The featured project on Gil Schafer’s website currently is the William C. Gatewood House in Charleston, SC, which won an AIA award for historic preservation last year and was featured in Town & Country in May.
The story of the renovation is a fascinating one and there are two wonderful videos (both from the same occasion) included on the site if you are interested. I’ve linked to the one of the Roundtable Discussion at the Institute of Classical Architecture in NYC last April which included Schafer, the homeowner, Sarah Horton and the builder Richard “Moby” Marks, Charleston’s preeminent restoration contractor. It is both informative and entertaining. Without going into too much detail here, suffice it to say that the four year restoration of the 9,500 square foot 1843 house was a true labor of love (and considerable expense). The result, however, is magnificent.
The dining room with its custom De Gournay wallpaper is stunning. The triple hung windows and stone mantels are original to the house.
Schafer’s usual team was brought in. Eve Ashcraft did the color consulting and her choices, in Schafer’s words, brought a “luminous vitality” to the interiors. The 2nd floor stair hall below is painted in Rhett Pumpkin, from the Colors of Historic Charleston collection.
The kitchen house entry is fabulous with the old brick floor. And don’t you love the door?
The kitchen is located in a back section called the kitchen house. It is a charming room, historic in feeling, but outfitted with modern conveniences such as the beautiful La Cornue. And the color, via Eve Ashcraft is divine. Note the antique Hitchcock chairs, which Schafer used in his own kitchen as well.
Here is a view of the cozy seating area from the other end.
In between, in what is called the hyphen, is the butler’s pantry. Could that be a Charles Edwards lantern? Love it.
Schafer says that one of the most challenging aspects of the renovation was fitting in the bathrooms, all six of them. The guest bath was especially challenging as it had to be fitted into a 3 foot wide space since the Hortons wouldn’t allow any of the walls to be moved. Schafer’s team came up with an ingenious solution – they built a wardrobe cabinet that extended slightly into the bedroom, buying them the extra space they needed.
But when open, it reveals a jewel of a bath – just big enough and incredibly stylish. Isn’t it amazing? The details, as always, are wonderful – the stunning Adelphi wallpaper and coordinating painted floor.
Deborah Nevins, another Schafer regular, was brought in to design the new garden. Here is the original “rather bleak” rear yard.
This part of the renovation is the one that is the most contemporary but still blends seamlessly with the more historic elements. The pool, once surrounded by endless concrete, now looks more like a reflecting pool connected to the ground floor piazza by an alle with a crushed oyster shell bed.
As Schafer notes, now that the house is restored, it has “regained its classical splendor, but at the same time it also functions remarkably well as a completely comfortable house”. The best of all possible worlds!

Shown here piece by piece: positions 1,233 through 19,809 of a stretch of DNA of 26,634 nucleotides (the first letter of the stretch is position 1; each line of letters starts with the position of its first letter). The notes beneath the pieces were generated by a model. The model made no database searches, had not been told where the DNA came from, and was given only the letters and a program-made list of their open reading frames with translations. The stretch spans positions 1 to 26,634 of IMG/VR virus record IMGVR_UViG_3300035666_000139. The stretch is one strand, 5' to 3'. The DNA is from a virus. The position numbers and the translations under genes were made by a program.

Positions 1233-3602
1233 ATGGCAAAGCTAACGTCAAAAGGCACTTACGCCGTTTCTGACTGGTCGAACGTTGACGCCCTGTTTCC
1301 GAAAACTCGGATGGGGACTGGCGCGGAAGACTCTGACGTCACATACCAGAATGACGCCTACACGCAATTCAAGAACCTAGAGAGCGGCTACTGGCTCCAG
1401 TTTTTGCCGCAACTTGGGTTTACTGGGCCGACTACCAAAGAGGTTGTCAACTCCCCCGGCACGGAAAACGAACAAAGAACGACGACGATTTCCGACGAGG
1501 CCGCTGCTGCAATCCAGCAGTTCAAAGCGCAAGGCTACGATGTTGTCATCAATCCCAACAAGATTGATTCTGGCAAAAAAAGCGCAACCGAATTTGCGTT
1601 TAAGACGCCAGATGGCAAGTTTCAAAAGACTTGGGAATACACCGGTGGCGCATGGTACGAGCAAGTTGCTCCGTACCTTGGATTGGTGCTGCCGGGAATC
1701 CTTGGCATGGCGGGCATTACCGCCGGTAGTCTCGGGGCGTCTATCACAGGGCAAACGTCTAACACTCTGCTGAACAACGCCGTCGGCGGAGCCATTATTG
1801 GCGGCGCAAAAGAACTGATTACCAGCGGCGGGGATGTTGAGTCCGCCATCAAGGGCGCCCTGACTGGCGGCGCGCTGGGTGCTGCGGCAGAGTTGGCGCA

Please join us for our final Gil Schafer installment tomorrow.
8 thoughts on “Gil Schafer – Part Deux”
The transformation of the area with the pool is a striking before and after comparison. The raised edge of the pool with the surrounding bushes takes the hard edge off of the entire area in a very imaginative way.
harrison – I agree – so elegant and useable now.
Love the outside as much as the inside. Schafer just does beautiful work.
Thank you for sharing.
My pleasure – thanks for stopping by!
SO gorgeous! I love Charleston with it’s piazzas and triple-hung windows. I posted some some pictures last year from my trip!
Hi Daniel – Yes he is my favorite architect for good reason! I’ve never been to Charleston but have always want to go – when I have a chance I’ll stop by and try and find your pictures!
Wow, What an excellent idea. Thank you so much for letting me know about this. Unfortunately we can’t do something like this because our room is not that spacious either but, I had an epiphany yesterday afternoon While sitting in the couch of my living room. There is a wall between the two bathrooms and all I need is 4 inches out a with of 33 or so which is exactly the space the door in the other bathroom is taking. I think I can make it work by removing the door taking over that space and replacing it with a pocket door. Let’s see if it’s possible.
Have an excellent weekend.
What a magnificent property. Quality shows throughout the house.
I have a personal interest in the Gatewood family being a Gatewood myself , living in the U.K.
My U.K. family research has led me to a William Alexander Gatewood ,of American birth in 1853 and then marriage in the U.K. in 1880. It is interesting that he went on to christen his son William Cunningham.
On the marriage Certificate, it is stated his father was a cotton manufacture.
I am wondering if William Cunningham Gatewood of Charleston is related as I cannot find a link between him and William Alexander.